“Gatekeepers,” I sputtered again. Countless times I have received reviews of my work, seen that of other scholars, of graduate students, or heard through the grapevine stories about condescending, dismissive, and sometimes just plain mean peer reviews. While empathy and kindness may not be the most pressing issue in peer review, the lack of them is indicative of other problems. Gatekeeping is one. The changing political economy of the of the university, is another.

The service section of my CV has a long list of journals and publishers for whom I regularly review article and book manuscripts. I bet yours does too. This is how we keep the profession’s work moving along and it is how we keep up, at one level, with what is new and cutting edge. It is also where we have the possibility to give feedback that might help someone hone their work. That is the exciting part. I am far more inclined to agree an article or book manuscript review than to review a published book. At the manuscript stage, you can be in conversation with an author. Theoretically, all the identifiers of rank, location, and identity fall away.

In practice, review works quite differently. The specifics of how review works are strikingly inconsistent. I have learned about peer review as an editor and I have learned about peer review as an author. I have served on the editorial board of Africa Today, currently am part of the editorial collective at the Radical History Review, on the editorial board of the blog Africa is a Country, and on the editorial advisory board of the Journal of African History. One thing I have learned is that every journal or publication functions differently – there are different approaches to screening articles (some publications desk reject, others do not), to peer review, and to managing review reports.At some places, editors serve as one of the reviewers and at others they only do first round cuts and summarize reviews for authors. We could all do with more transparency about how review works at different journals. At the RHR, for example, all pieces are reviewed by one editorial collective member and by, at least, one scholar from outside.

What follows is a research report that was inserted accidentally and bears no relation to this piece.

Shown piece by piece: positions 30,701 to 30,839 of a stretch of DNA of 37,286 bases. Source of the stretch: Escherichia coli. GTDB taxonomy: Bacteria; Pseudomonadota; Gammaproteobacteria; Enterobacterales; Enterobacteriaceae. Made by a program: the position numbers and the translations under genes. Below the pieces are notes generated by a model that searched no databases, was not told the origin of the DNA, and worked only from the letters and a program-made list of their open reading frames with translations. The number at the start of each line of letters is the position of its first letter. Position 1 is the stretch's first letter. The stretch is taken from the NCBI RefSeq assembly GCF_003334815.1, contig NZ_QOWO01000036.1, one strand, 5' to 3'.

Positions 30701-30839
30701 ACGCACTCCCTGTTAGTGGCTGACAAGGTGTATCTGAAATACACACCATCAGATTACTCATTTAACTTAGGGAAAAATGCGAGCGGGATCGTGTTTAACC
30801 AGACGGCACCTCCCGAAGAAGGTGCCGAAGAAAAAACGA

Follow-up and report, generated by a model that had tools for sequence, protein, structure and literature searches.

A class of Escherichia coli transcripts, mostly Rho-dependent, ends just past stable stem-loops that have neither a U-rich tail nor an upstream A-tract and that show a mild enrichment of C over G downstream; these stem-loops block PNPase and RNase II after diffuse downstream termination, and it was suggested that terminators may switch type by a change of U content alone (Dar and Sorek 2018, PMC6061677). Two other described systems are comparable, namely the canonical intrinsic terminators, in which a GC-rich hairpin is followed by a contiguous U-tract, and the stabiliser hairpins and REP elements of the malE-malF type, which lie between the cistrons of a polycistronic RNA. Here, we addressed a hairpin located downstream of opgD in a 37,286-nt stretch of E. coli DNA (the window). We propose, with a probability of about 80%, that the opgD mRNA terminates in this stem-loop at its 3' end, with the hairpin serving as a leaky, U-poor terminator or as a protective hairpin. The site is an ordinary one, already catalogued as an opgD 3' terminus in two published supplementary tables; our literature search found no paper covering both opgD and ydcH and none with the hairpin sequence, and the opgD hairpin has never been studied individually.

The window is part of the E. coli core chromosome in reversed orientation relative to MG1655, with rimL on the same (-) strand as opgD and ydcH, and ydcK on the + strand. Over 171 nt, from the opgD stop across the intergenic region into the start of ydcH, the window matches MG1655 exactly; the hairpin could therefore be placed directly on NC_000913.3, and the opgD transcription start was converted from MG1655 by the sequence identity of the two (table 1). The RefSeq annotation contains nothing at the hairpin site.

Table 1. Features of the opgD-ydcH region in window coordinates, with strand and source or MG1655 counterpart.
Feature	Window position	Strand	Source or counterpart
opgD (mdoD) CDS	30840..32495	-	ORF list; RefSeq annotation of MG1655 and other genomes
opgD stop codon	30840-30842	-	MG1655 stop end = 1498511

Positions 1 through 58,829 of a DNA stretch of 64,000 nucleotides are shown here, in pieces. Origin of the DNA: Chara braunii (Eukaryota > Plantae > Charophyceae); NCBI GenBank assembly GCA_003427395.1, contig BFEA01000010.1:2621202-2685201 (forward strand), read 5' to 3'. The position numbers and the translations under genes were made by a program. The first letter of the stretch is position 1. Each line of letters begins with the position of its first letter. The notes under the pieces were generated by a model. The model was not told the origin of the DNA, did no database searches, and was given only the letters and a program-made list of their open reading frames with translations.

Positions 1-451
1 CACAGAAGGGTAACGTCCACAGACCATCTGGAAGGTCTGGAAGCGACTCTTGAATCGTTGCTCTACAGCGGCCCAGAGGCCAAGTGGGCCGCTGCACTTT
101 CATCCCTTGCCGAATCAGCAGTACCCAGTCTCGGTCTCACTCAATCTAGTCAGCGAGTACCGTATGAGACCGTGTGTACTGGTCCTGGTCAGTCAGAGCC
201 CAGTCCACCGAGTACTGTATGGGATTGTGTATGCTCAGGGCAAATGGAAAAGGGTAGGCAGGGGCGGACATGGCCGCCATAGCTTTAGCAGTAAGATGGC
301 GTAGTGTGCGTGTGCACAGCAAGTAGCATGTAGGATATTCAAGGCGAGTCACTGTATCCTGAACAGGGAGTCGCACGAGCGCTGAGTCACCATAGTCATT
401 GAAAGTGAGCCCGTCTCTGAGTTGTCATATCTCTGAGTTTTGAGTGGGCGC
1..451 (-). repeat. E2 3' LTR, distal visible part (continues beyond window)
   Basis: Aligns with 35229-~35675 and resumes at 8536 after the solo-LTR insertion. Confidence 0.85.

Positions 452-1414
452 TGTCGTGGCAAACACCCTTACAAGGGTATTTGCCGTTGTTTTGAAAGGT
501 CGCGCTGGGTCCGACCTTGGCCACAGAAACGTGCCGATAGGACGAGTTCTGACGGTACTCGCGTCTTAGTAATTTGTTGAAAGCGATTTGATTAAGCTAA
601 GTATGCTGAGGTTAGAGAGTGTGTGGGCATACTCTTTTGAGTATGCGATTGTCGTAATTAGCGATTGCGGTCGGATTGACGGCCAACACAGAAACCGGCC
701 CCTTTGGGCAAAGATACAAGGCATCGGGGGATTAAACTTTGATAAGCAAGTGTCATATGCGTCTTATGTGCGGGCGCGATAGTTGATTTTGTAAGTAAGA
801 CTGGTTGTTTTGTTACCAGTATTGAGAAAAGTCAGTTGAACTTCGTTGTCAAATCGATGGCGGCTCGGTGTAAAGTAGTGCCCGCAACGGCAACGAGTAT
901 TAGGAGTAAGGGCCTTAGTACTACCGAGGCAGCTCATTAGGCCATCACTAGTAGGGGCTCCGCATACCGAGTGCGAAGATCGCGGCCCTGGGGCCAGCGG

I have learned a few things about peer review by having my own work (articles and two book manuscripts reviewed). Many people treat peer review as an opportunity to show you how smart they are and to impose their own ideas about style, argumentation, and sources. We are all familiar with the unfortunately common “here’s how I would write this.” Reviewers often forget that research and writing are not a hard science but a series of precendents about practice. That said, journals have commitments and standards of style, and peer reviewers help create consistency across time.

We could do with more empathy. Editors should remind reviewers that their job is to take the text, find the author’s argument, and offer suggestions for how to make it clearer and more fierce. That is peer review that helps an author, even when delivering criticism. The trouble, perhaps, is that there is not enough “peer” in the review. Reviewers are treated as experts, as gatekeepers, as people who know. And editing is a big job that is poorly compensated, when it is compensated at all.